You may be thinking that this was a bluff by opposing counsel. Knowing counsel, I refuse to believe it. I’m convinced he thought there was something seriously wrong with my case and he was going to wait to trial to sandbag me with it.
Every time he’d say there was something wrong with my case, my response was “what”. He’d laugh and snicker “that’s for me to know and you to find out”.
I’m a reasonable guy and the last thing I want to do is put a lot of work in on a file and lose for my client. I’d much rather have something pointed out to me, take it to the client, and advise the client that the case isn’t as strong as we thought. This causes sensible clients to lower or withdraw their demands.
He put on a vigorous defense of his client. He objected to everything. Told me he was going to take me on a walk through the practice book and he did. All the while, he refused to tell me what he believed the defect in my case was. He just kept repeating “trust me, you’ve got major problems”.
After the first review of the file, I ignored his threats. They were wasted on me. If there was a problem with my case (which I didn’t think there was) then I couldn’t see it. I couldn’t advise my client to lower its demands. As a result, the litigation escalated and both clients dug in their feet as costs rose.
The one day, I get a call from another lawyer. He tells me that he is now representing the defendant in my case. In one phone call, we settle the matter.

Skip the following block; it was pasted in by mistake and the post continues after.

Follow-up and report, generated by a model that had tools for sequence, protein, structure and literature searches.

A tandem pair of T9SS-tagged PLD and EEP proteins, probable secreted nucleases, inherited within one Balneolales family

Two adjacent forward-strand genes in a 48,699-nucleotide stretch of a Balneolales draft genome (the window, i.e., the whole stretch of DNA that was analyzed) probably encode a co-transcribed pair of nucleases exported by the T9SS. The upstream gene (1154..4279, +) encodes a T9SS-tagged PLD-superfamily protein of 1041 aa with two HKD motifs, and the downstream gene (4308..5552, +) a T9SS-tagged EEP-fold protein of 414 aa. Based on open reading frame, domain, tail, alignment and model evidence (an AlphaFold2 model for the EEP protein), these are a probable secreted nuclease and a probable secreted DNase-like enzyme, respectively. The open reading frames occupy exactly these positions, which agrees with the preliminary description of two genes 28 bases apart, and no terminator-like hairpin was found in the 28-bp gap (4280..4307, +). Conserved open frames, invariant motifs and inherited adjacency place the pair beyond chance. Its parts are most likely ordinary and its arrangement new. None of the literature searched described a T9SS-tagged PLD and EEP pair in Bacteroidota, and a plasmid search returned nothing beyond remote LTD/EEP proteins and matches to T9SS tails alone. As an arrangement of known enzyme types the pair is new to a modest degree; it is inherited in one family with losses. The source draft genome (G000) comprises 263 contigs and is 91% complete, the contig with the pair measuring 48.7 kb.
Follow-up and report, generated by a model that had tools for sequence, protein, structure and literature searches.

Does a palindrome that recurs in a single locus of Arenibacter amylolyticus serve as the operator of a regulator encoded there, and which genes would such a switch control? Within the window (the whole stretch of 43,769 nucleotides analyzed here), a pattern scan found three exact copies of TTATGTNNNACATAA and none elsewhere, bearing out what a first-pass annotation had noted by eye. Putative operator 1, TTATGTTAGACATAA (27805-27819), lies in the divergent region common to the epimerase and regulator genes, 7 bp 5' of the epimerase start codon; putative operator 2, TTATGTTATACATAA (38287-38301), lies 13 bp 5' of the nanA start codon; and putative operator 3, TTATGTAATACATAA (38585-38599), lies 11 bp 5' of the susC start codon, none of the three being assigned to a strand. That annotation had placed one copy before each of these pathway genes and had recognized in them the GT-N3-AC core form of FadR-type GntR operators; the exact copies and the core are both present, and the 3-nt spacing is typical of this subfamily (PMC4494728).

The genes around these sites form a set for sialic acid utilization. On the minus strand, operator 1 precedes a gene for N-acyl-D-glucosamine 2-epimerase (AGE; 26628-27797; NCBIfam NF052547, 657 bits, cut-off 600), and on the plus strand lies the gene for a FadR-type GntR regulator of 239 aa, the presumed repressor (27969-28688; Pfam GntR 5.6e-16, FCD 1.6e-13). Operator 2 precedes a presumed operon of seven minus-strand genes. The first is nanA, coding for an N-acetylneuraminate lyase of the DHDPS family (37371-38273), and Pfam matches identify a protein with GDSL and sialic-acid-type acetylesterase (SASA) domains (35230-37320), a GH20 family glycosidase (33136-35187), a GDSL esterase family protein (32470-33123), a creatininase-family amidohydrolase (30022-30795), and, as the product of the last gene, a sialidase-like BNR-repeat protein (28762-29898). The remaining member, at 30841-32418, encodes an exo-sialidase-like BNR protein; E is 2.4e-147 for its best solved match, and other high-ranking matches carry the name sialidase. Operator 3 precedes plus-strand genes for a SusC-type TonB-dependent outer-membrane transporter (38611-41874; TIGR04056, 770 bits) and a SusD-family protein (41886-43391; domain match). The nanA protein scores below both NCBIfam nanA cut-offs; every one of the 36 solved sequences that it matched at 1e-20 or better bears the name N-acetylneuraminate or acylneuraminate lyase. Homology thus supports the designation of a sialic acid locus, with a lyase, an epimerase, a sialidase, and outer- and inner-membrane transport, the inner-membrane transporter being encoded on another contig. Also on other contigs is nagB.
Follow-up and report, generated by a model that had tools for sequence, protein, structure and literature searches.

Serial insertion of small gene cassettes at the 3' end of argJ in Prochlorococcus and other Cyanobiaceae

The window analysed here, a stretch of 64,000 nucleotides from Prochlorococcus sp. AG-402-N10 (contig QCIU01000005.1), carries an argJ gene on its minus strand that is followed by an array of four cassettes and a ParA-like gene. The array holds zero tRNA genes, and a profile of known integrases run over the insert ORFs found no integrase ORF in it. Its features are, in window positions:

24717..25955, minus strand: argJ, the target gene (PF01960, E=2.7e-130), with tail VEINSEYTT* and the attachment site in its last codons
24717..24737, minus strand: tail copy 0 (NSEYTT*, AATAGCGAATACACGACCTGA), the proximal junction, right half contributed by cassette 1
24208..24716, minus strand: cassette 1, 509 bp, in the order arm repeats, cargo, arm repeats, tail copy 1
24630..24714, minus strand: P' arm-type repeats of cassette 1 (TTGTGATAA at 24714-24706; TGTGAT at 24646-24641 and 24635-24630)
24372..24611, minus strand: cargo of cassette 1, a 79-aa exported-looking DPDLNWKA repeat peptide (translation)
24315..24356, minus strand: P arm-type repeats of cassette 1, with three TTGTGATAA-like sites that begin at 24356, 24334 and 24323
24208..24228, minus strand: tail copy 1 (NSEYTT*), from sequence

To this day, I never found out what opposing counsel thought was wrong with my case. If he was right, and I think he believed he was, his client never got any value from me or my client for it.
To get any value in a case a lawyer needs to convince either a judge, a jury, opposing counsel, or an opposing party that there is some risk. Most cases settle. Sitting on information with modern discovery rules is practically impossible if opposing counsel does his job.
I should start by saying that I have nothing but the utmost respect for the Judicial Branch in general, and the Appellate Court in particular. On the occasions when I have had to file things at the Appellate Court clerk’s office, everyone has been friendly and helpful in explaining the ways in which my filings invariably fail to comply with Practice Book formatting regulations. They never laugh or scorn (“Half-inch left margins? GET OUT!”). They even have a form with check boxes that they fill out and give to you to tell you how you screwed up.